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Enterprise social media marketers face the apathetic and the unruly

The most memorable line from decades of Pogo comic strips by Walt Kelley (OK, I am really old), was “We have met the enemy and they are us.” As a digital marketer in a medium-to-large company, you can be excused for thinking that line was written to describe your job. The most exciting thing that has happened in marketing in the last 20 years is that marketers can now use their entire company to do their marketing. The most horrifying thing that has happened in the last 20 years is that marketers must now work with their entire company to get anything done. For the most part, when it comes to social media, enterprise marketers get to work with two groups of people: the apathetic and the unruly. One group doesn’t do anything and the other does whatever it wants.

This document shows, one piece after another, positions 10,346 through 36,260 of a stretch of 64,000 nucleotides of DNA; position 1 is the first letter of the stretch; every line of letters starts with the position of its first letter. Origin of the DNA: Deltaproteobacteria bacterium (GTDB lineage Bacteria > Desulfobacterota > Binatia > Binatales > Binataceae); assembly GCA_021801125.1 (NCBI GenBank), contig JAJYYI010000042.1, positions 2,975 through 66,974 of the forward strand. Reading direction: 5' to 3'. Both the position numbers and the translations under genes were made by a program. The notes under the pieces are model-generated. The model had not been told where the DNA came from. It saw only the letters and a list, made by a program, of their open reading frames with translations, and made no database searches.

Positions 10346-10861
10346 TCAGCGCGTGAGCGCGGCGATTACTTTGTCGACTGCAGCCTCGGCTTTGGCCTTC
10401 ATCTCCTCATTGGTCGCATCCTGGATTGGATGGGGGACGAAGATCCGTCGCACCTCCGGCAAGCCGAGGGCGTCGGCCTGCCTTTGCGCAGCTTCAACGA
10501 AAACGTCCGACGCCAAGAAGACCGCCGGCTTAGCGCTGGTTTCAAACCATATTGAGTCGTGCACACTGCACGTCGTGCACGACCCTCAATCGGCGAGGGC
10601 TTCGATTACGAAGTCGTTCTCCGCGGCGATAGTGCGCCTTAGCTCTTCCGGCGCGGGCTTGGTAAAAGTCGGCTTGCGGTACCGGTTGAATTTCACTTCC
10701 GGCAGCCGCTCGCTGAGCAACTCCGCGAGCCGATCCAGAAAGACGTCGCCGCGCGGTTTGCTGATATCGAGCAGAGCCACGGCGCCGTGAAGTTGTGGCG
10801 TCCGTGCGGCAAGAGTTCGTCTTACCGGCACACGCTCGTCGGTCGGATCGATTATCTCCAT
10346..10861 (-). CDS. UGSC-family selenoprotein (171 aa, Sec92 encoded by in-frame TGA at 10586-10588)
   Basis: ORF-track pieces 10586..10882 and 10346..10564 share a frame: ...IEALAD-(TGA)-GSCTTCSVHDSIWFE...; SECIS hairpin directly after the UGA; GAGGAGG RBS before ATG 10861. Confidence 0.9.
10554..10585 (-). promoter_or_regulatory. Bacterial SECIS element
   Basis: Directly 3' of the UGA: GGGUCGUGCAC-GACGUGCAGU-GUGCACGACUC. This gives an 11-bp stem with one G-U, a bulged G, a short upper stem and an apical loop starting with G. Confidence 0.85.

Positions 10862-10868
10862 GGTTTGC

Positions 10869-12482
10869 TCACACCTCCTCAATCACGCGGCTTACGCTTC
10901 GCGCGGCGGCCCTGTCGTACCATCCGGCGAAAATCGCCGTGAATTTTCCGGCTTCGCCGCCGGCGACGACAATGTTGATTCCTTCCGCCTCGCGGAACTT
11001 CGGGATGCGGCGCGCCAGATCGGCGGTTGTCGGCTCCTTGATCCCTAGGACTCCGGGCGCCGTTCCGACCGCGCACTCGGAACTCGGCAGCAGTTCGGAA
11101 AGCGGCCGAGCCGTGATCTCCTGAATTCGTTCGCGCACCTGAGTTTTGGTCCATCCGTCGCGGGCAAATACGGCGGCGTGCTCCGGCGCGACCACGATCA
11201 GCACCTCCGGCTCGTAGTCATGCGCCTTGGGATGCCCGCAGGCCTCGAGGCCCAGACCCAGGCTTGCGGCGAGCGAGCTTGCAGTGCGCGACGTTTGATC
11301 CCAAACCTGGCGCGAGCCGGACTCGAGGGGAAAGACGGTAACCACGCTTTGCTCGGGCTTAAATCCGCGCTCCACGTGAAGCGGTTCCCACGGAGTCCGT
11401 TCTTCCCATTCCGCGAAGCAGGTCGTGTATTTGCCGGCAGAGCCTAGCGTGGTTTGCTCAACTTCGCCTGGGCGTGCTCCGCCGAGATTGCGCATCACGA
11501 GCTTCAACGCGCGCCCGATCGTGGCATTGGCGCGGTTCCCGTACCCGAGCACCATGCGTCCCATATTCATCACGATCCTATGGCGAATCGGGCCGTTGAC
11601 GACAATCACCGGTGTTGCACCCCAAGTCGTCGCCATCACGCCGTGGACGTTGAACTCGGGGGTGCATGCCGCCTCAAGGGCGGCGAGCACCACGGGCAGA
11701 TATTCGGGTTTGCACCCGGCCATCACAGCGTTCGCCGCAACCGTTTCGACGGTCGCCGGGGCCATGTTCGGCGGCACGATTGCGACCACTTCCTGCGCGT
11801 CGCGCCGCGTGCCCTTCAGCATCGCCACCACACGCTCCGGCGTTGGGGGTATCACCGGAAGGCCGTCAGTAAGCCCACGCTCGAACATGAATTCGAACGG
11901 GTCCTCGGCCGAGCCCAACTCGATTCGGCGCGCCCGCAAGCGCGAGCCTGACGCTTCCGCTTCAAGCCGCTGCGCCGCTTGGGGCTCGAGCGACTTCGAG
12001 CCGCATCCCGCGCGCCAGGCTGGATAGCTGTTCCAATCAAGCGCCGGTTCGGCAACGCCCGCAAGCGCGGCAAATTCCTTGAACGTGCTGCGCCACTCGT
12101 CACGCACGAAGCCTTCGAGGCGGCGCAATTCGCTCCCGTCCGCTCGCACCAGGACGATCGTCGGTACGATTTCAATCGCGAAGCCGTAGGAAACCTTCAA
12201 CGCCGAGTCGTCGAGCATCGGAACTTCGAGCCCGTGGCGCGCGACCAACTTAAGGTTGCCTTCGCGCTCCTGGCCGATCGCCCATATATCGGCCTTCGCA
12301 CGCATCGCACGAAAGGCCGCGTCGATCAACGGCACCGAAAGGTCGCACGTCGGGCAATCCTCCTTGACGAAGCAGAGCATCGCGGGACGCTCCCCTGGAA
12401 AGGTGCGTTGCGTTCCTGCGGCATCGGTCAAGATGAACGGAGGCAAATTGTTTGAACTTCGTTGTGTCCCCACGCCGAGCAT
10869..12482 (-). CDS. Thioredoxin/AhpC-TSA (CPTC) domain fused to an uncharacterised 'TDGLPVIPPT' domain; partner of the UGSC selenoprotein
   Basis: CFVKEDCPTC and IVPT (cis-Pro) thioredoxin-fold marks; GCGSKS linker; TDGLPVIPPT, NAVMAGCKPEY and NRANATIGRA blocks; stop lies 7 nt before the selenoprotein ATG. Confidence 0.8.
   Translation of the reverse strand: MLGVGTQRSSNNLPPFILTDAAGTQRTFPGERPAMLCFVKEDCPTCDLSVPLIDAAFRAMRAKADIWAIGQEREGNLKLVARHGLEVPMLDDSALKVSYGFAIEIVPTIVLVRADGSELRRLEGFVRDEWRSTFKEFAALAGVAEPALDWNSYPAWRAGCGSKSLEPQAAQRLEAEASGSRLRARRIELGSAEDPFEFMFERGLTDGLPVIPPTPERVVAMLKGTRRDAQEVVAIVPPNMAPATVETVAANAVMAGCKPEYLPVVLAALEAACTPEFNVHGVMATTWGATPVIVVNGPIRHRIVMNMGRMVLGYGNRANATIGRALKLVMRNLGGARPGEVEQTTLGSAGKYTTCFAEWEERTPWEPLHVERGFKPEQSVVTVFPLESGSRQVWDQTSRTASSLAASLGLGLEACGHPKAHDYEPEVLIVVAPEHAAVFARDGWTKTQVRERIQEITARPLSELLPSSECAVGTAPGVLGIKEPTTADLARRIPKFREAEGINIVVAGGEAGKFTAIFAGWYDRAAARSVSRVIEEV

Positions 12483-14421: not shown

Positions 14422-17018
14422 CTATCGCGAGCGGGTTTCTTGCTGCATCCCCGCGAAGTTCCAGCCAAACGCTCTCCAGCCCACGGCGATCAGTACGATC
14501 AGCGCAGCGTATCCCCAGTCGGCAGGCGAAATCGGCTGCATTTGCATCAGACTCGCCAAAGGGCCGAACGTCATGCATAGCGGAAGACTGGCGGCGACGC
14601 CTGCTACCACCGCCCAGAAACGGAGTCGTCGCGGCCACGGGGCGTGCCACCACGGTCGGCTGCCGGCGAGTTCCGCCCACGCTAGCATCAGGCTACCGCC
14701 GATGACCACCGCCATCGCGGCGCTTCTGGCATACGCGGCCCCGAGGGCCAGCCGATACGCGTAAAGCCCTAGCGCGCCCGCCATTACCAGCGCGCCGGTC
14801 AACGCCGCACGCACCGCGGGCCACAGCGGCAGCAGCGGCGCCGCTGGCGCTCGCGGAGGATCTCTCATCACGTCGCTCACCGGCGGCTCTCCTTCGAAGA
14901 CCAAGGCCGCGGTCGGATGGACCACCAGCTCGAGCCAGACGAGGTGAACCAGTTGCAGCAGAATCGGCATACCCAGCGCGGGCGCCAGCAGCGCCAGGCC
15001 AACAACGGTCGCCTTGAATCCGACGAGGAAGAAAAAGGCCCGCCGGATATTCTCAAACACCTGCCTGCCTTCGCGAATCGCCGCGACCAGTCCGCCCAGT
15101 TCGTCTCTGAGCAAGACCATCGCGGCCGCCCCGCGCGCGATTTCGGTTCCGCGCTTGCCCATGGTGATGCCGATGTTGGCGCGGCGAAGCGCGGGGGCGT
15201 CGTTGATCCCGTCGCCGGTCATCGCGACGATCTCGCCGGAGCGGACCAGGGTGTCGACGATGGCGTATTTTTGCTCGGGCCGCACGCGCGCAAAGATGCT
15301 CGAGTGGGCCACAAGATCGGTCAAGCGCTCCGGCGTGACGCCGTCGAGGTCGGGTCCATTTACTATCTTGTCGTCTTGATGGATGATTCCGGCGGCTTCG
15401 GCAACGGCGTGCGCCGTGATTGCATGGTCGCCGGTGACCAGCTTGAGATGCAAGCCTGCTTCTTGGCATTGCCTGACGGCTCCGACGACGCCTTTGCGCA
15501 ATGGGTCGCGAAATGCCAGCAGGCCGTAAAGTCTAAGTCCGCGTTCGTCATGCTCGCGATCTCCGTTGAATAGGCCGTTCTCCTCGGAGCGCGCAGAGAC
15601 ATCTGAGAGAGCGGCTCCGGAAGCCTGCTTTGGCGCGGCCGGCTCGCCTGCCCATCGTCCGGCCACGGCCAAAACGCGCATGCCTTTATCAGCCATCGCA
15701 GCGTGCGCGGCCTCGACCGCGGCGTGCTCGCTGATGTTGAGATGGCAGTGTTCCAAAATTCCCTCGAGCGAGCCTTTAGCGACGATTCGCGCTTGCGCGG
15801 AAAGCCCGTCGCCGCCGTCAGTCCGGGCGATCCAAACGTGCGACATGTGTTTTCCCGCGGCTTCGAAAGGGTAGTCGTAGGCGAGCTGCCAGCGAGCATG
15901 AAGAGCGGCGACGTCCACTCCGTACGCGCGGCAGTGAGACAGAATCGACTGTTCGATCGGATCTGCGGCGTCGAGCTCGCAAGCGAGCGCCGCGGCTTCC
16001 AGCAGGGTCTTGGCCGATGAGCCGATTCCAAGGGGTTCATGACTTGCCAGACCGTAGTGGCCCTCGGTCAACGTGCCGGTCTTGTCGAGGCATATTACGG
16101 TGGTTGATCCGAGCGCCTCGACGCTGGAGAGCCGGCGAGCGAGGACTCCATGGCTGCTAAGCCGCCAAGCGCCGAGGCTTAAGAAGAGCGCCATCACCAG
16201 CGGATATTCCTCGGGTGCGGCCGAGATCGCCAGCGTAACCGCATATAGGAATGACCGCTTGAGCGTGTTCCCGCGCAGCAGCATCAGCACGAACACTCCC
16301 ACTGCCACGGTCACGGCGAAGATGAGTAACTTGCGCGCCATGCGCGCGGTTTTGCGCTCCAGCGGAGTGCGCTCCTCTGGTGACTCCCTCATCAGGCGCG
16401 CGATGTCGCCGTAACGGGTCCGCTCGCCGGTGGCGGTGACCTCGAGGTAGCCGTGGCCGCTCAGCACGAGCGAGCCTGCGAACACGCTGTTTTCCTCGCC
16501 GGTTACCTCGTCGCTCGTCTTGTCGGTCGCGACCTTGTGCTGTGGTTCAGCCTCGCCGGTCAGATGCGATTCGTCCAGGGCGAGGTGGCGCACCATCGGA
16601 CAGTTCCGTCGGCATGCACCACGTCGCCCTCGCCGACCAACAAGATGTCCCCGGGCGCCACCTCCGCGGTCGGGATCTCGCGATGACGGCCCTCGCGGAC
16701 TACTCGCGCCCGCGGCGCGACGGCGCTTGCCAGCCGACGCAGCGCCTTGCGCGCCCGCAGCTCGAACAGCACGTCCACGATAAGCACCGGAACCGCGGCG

Walt Kelly's Pogo
Photo credit: mabith

This was all brought to mind for me while interacting with a potential client over the last few months. She’s been talking to me off and on about whether she needs my help as she fights her way through the political thickets to get social media guidelines approved. She seems to be making progress, but until recently I hadn’t had the heart to tell her that she is fighting gamely in this, the easiest battle of the whole social media war.

Once the guidelines are approved, and happy execs hold the kickoff meeting to our new initiative as a social business, and those same execs retreat to their cloistered window offices to do the same things they were doing the day before the announcement, a terrible thing happens. Most employees do the same exact thing.

These folks are terribly annoying to you, the social media marketer. After all, you have religion. You know this is important. You just spent the last nine months beating your corporation about the face and body politic to get this launched. And now, seemingly no one cares. All these people out there, and nothing but apathy. Everyone is doing today the same dumb things they did yesterday. You start to lay awake nights wondering how you can wake everyone else from their stupor. Social media is important and my company just doesn’t get it.